Generally, we prone to consider an investment as risky in terms of a possibility of losing the capital invested. But this absolute definition of an investment’s risk may be misleading, and even harmful, when we used to think in the same way while making decisions of investing.  But we ignore the hidden risk in all fixed bearing instruments including bank fixed deposits as they also carry some nature of risk. The biggest risk in bank fixed deposit is the risk of re-investment. With the rates set to go lower, there is neither a guarantee to get the same rate of interest as you earn on today itself nor earn even after 2 years or at the end of maturity. Every investment choice, even the choice not to invest, brings with it certain risks to your financial security. It may be the risk of your money losing value, or it may be the risk of low returns that put your goals at risk or it may be the risk of volatility in the returns and losing value. It is important to recognise and understand the inherent risks cannot be eliminated but their impact can be mitigated by matching each product to a financial need. Another trade-off that you can make to earn better returns is to accept volatility in your investments. The overall portfolio investment returns is measured in making of a proper asset allocation such as liquid, debt, equity and gold. No single asset could be made in trade-off between risk and return. Even bonds will depend upon the change in the price of the investment. When the price appreciates, the total returns you earn goes up, and vice versa. So recognise the importance of staggering the investments and stay over a period of time to reduce the impact of the volatility, and rebalance the investments based on performance and your investment horizon, and then such investments could provide you the opportunity to earn higher returns. Each investment should be assigned a defined role in your financial plan based on its return and risk features.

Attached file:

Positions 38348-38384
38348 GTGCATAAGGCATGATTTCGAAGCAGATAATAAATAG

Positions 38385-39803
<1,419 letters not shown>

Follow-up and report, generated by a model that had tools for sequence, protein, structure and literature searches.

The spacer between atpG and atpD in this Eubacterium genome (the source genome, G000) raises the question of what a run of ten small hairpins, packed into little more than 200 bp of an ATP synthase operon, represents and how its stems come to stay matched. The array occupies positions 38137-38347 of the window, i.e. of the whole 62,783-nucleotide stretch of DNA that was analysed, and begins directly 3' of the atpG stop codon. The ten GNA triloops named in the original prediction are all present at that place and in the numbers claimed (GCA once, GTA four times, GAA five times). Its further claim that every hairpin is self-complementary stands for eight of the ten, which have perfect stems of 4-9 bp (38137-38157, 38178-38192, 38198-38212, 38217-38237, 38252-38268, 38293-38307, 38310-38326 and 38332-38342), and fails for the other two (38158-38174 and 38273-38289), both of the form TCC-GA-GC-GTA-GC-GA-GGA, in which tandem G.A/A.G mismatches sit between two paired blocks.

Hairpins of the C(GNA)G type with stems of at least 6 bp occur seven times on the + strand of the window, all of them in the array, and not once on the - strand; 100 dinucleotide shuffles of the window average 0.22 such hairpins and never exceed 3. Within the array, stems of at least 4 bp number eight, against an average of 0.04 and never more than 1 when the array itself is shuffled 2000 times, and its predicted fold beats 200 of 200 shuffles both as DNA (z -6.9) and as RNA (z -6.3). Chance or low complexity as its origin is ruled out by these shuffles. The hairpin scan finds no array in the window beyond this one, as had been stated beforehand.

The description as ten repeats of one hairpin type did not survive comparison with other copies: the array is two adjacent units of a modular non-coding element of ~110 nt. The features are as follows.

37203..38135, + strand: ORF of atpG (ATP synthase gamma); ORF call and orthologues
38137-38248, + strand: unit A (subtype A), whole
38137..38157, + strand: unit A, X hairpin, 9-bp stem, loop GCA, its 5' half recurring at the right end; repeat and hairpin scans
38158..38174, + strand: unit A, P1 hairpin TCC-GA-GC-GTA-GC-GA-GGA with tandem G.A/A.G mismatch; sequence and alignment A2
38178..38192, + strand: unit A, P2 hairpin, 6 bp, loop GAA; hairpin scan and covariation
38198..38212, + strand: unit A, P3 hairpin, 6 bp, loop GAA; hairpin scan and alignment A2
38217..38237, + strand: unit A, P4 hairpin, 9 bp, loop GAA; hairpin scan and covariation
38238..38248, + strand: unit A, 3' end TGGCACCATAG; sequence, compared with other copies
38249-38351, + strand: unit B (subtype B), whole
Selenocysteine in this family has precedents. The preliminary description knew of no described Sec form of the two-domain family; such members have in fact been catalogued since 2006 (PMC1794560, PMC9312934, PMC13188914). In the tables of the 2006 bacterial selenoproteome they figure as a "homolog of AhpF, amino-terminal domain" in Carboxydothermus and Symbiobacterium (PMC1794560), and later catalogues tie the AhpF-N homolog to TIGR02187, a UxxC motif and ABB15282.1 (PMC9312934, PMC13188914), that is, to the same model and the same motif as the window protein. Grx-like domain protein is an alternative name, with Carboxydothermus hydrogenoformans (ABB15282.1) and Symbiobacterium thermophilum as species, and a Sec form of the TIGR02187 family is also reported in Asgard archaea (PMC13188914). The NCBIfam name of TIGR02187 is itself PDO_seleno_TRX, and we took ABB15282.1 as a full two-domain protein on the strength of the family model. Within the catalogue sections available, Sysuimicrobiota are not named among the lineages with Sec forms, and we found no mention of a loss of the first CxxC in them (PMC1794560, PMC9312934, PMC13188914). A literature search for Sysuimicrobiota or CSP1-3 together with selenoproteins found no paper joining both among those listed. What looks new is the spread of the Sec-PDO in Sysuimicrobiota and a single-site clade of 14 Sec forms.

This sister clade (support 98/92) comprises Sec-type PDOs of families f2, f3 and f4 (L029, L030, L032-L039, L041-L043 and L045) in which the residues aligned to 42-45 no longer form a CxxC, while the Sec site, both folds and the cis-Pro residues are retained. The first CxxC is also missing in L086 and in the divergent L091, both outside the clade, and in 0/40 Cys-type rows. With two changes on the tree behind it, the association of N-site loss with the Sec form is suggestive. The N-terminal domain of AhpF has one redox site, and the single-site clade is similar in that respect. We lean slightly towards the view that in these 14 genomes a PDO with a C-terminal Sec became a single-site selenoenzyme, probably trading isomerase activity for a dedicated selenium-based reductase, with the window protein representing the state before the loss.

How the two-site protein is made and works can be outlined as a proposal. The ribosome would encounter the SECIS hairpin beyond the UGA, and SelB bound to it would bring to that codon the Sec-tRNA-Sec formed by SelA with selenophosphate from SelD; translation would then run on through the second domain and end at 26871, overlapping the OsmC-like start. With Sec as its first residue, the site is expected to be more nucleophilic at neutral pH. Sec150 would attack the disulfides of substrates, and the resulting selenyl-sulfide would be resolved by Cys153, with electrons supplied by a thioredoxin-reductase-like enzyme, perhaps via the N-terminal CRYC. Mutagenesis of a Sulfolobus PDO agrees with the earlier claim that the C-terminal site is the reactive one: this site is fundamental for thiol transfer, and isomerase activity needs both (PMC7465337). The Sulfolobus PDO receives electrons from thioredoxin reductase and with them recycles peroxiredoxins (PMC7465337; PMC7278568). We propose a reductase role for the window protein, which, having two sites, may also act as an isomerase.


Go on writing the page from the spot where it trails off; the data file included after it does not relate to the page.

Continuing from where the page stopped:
Inflation protected returns

While the inflation-protected returns will safeguard the value of your idle cash in saving account as there is still the risk that bank saving rate may not be adequate to meet your regular expenses. Keeping cash as idle in saving account could hamper your purchasing power, will mean that your contribution you need to make to the goal from your savings can be lower. It frees up savings to be used to meet other goals. But higher returns can only be earned when you are willing to take some risks on the principal invested and the expected returns from the investments.  Liquid funds can be a good choice in such scenarios. These are mutual fund schemes that invest in fixed-income securities that mature within 91 days, are the most stable in returns as they earn from interest accumulated on underlying securities. There is the ultra short term fund category which also has a similar structure. The biggest advantage is that you can redeem at any time without any penalty.

It must be noted that money market mutual fund may be just the product to hold your funds until all current turmoil financial market situations get normal and has to be funded in the immediate short-term. However, they cannot be used for long-term financial goals as the impact of inflation is going to be negligible as the funds are kept in debt funds.

PS: This article got published in Hindi’s Dainik Bhaskar on 03-01-2017

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Suresh Kumar Narula

SEBI Investment Advisor, Founder & Principal Financial Planner at Prudent Financial Planners
Suresh K Narula is founder and Principal Financial Planner at Prudent Financial Planners. He has earned the professional CERITIFIED FINANCIAL PLANNER and got registered with SEBI as Investment Advisor. He writes on personal and financial planning articles and got published in Dainik Bhaskar, Business Bhaskar and The Financial Planner's Guild, India. He is also a member of Financial Planner's Guild India ( An association of practicing SEBI registered Investment advisers) to create awareness about Financial Planning in general public, promote professional excellence and ensure high quality practice standards. Suresh received his an M.com from Himachal Pardesh University and an MFC from Punjab University, Chandigarh. He can be reached at info@prudentfp.in